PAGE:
Union knew of Lindgren's position with American and of his agent and customer following. He was hired in the "Career Division" primarily because Dozer and Colleta thought that he could transfer his organization and business to Union.

I find that Lindgren and Anderson committed acts of unfair competition when they used the American customer lists after terminating their employment with that company. These lists were developed almost entirely through the efforts of the employer (American). They were disclosed to Lindgren and Anderson in the course of their employment, and they, as exclusive employees of American, exercising supervisory responsibilities over branches of American's operations, were in a confidential relationship with American and owed it their undivided loyalty. Agents in a confidential relationship may not use customer lists in competition with the employer who accumulated them. Kamin v. Kuhnau, 232 Or. 139, 374 P.2d 912 (1962). In Kamin, plaintiff employed defendant to aid in developing a product which both mistakenly thought was original. After the product was developed, defendant manufactured it for his own account. He argued that since the device was well known, he could not be guilty of stealing trade secrets. The Court rejected that reasoning and held that the issue was whether the defendant breached a confidential relationship. In deciding for plaintiff, the Court said that if the facts gave rise to a confidential relationship, the defendant was liable unless he was able to show that he did not get the information from the plaintiff.

Defendants' reliance on Prentice Dryer v. Northwest Dryer, 246 Or. 78, 424 P.2d 227 (1967), is misplaced. There plaintiff hired a highly skilled employee, who developed a product solely through his own talents. The processes he used to develop the device were not secret. The employee left plaintiff and manufactured the product for his own account.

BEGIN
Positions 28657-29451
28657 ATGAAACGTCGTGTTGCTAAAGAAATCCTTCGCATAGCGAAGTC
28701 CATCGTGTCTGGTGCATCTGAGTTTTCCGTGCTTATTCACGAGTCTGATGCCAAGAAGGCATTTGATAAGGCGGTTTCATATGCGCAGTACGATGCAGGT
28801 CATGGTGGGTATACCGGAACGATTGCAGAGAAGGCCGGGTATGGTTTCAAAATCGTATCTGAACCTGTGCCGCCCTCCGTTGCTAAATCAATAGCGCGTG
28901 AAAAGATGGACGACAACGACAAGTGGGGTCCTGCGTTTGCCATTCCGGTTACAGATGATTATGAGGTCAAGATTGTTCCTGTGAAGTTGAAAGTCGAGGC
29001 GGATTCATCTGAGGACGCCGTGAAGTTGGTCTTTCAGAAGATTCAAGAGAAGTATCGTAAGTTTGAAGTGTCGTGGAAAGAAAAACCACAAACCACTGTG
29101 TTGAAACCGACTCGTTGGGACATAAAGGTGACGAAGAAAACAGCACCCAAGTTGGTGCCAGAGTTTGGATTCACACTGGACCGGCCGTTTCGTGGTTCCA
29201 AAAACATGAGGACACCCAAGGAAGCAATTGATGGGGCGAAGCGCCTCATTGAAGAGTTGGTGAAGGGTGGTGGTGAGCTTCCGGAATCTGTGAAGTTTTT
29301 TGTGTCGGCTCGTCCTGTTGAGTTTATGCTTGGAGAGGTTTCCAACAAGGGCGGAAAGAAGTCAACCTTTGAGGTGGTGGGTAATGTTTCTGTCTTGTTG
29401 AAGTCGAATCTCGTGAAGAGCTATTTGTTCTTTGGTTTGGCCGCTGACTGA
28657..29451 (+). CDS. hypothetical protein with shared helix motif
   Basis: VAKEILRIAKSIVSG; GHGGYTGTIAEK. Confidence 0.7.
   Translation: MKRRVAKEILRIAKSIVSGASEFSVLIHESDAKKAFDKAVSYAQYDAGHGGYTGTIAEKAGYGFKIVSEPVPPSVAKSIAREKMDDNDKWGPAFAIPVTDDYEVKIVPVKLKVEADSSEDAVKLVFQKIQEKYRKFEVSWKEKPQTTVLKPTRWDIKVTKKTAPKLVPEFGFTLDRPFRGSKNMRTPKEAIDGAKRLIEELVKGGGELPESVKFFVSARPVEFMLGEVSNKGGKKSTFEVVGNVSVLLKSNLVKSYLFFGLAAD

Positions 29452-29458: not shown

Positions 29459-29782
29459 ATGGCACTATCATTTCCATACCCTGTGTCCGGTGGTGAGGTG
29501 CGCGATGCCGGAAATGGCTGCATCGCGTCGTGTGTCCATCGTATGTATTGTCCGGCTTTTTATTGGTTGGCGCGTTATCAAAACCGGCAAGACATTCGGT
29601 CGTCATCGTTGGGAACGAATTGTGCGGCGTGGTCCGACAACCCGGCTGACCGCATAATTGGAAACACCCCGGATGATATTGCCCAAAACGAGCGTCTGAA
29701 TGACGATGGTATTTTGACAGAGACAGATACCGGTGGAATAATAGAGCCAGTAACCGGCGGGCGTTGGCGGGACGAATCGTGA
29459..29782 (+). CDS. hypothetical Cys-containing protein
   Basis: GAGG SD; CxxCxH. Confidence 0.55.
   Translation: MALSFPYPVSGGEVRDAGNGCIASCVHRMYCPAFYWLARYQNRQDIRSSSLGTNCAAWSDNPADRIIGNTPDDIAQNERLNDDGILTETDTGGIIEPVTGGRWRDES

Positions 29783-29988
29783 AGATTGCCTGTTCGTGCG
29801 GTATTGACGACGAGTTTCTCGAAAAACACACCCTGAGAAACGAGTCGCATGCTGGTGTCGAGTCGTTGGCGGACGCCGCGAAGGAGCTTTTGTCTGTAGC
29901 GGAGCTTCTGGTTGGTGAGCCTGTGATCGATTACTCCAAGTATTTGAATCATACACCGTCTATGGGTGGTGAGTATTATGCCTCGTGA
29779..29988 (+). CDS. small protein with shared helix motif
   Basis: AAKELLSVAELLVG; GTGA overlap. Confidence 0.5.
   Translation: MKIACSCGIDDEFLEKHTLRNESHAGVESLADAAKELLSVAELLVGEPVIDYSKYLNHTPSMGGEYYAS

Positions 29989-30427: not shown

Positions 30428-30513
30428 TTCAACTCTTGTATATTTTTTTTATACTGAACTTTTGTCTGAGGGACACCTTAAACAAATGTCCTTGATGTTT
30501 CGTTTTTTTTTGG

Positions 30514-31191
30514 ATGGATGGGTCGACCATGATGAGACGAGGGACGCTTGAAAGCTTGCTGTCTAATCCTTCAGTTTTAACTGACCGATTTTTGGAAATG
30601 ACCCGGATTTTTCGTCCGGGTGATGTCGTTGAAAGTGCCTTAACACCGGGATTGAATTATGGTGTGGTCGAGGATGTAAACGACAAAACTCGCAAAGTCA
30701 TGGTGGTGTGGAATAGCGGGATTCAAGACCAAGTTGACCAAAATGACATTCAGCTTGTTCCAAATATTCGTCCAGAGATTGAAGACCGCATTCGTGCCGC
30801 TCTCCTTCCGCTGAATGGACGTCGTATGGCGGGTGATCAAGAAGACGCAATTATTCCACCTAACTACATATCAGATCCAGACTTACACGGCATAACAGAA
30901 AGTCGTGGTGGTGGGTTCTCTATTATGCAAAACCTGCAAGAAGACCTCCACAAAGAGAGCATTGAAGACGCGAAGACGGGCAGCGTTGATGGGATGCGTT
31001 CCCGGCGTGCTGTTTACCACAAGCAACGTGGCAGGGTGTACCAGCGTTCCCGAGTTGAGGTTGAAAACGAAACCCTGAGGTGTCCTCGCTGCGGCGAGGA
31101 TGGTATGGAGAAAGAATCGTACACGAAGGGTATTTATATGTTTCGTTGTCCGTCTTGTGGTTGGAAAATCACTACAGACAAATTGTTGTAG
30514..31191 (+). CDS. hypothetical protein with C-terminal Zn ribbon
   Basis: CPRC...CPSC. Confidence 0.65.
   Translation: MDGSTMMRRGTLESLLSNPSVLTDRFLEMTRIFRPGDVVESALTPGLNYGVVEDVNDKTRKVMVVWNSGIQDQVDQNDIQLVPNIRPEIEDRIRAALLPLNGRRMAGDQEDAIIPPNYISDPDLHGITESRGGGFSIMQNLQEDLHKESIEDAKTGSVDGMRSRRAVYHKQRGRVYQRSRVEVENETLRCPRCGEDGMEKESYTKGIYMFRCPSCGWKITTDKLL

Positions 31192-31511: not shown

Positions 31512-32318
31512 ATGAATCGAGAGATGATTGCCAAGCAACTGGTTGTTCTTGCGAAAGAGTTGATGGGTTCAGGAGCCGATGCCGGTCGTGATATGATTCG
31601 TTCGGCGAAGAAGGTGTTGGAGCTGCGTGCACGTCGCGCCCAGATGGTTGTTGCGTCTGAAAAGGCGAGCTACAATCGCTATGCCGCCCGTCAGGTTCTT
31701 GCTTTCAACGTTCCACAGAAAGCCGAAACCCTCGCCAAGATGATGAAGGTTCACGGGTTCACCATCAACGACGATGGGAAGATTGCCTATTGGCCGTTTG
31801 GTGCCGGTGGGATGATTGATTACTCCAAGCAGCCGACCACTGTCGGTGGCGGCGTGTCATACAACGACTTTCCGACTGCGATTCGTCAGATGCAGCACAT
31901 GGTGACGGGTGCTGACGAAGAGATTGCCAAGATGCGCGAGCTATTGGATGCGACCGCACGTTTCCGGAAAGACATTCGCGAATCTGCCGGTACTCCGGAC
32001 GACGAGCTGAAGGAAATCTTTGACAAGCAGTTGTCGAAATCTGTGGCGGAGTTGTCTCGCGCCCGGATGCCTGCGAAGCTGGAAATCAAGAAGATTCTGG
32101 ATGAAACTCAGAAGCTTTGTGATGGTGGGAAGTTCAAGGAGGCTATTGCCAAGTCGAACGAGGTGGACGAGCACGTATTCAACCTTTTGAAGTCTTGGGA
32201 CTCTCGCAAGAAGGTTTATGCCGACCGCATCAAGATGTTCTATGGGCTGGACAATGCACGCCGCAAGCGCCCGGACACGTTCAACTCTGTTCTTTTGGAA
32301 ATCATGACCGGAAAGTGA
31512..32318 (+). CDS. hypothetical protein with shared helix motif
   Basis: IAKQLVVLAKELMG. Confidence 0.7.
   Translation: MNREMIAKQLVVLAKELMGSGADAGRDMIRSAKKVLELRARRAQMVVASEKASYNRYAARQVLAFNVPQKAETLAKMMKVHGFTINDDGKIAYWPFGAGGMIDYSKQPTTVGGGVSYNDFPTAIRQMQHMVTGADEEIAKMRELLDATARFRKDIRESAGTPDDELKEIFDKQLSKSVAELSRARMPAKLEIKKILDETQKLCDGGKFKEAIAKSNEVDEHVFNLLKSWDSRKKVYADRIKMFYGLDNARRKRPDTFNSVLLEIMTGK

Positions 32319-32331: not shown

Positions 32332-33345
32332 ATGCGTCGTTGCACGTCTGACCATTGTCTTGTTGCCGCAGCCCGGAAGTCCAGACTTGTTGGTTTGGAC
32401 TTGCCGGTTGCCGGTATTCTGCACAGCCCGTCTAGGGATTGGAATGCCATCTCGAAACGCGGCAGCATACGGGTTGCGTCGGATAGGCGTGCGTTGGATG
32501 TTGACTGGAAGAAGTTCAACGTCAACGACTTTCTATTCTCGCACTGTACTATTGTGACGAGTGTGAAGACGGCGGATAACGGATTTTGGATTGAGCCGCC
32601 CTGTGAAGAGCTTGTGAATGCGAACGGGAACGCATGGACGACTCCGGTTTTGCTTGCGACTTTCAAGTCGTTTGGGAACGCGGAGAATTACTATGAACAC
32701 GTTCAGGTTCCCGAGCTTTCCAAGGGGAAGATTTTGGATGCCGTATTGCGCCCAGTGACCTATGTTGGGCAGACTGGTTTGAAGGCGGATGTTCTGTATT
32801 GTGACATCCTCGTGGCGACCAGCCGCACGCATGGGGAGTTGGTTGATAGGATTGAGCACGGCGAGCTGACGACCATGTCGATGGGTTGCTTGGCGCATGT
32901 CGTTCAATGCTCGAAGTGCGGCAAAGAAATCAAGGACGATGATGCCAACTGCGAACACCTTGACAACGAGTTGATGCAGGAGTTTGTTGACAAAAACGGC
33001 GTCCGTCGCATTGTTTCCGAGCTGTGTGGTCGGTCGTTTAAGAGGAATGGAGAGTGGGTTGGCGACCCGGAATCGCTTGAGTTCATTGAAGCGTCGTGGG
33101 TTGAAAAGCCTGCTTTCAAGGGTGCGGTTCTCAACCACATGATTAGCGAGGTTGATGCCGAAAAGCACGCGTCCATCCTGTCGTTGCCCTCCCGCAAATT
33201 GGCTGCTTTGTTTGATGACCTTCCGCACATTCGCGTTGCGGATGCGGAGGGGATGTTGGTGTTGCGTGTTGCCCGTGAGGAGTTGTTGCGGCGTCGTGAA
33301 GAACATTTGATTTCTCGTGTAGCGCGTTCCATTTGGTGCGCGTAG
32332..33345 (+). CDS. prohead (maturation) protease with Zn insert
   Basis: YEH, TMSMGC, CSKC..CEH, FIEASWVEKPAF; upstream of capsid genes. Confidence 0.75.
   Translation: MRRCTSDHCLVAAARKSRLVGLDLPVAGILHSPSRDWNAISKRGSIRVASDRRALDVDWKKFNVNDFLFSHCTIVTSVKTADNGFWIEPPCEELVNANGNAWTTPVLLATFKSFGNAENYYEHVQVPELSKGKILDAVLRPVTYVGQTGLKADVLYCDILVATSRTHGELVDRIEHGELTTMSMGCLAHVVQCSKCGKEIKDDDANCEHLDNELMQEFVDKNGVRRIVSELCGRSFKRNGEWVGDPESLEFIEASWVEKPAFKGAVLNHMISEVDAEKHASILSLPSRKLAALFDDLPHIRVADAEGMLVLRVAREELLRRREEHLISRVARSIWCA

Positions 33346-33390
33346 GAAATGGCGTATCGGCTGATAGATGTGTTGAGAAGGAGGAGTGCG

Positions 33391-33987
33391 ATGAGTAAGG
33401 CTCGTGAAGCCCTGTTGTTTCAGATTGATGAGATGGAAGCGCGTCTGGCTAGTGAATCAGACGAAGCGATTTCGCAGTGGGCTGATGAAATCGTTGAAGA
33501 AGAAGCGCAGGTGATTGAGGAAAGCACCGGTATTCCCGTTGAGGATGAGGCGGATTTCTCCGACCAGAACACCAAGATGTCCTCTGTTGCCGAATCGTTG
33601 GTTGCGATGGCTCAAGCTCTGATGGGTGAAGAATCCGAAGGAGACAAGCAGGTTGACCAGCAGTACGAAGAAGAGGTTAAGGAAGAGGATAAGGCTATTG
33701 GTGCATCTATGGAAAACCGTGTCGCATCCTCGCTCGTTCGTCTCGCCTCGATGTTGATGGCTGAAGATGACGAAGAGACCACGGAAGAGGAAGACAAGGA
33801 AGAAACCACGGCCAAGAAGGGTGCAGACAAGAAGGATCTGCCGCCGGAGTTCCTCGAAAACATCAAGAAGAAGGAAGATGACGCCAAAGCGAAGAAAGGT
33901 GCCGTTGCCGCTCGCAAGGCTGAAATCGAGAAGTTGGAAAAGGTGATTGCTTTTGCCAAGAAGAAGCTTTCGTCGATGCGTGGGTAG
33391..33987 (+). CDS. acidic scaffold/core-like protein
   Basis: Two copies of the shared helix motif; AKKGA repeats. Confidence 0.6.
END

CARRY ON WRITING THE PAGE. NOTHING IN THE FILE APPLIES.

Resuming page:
The Court held that the former employee was not guilty of unfair competition. The Court distinguished Kamin where the former employer, having information, disclosed it to his employee whom he had hired to help develop the business. In Prentice, the product resulted solely from the efforts of the employee, who brought to his job a specific knowledge of the product in question.

Defendants assert that the customer lists were memorized and not written, and therefore solicitation of customers was not unfair competition.

Even if the lists were memorized it would not change the result. While there is no case in point in Oregon, and cases in other jurisdictions are not in agreement, the modern trend clearly is to discard the written-memorized distinction. A. H. Emery Co. v. Marcan Products Corp., 268 F. Supp. 289 (S.D.N.Y.1967); United Ins. Co. of America v. Dienno, 248 F. Supp. 553 (E.D.Pa.1965); Sperry Rand Corp. v. Rothlein, 241 F. Supp. 549 (D.Conn. 1964); Whitted v. Williams, 226 Cal. App. 2d 52, 37 Cal. Rptr. 692 (1964). This trend has support among the commentators, 2 R. Callmann, Unfair Competition, Trademarks and Monopolies 442-48 (3d ed. 1968). I believe the Oregon Supreme Court would follow it because in Oregon the Court has emphasized that the basis of trade secret protection is breach of a confidential relationship. McKinzie v. Cline, 197 Or. 184, 252 P.2d 564 (1953). Under this rationale there is no reason to distinguish between the employee who memorizes a list of customers and the employee who takes the list itself.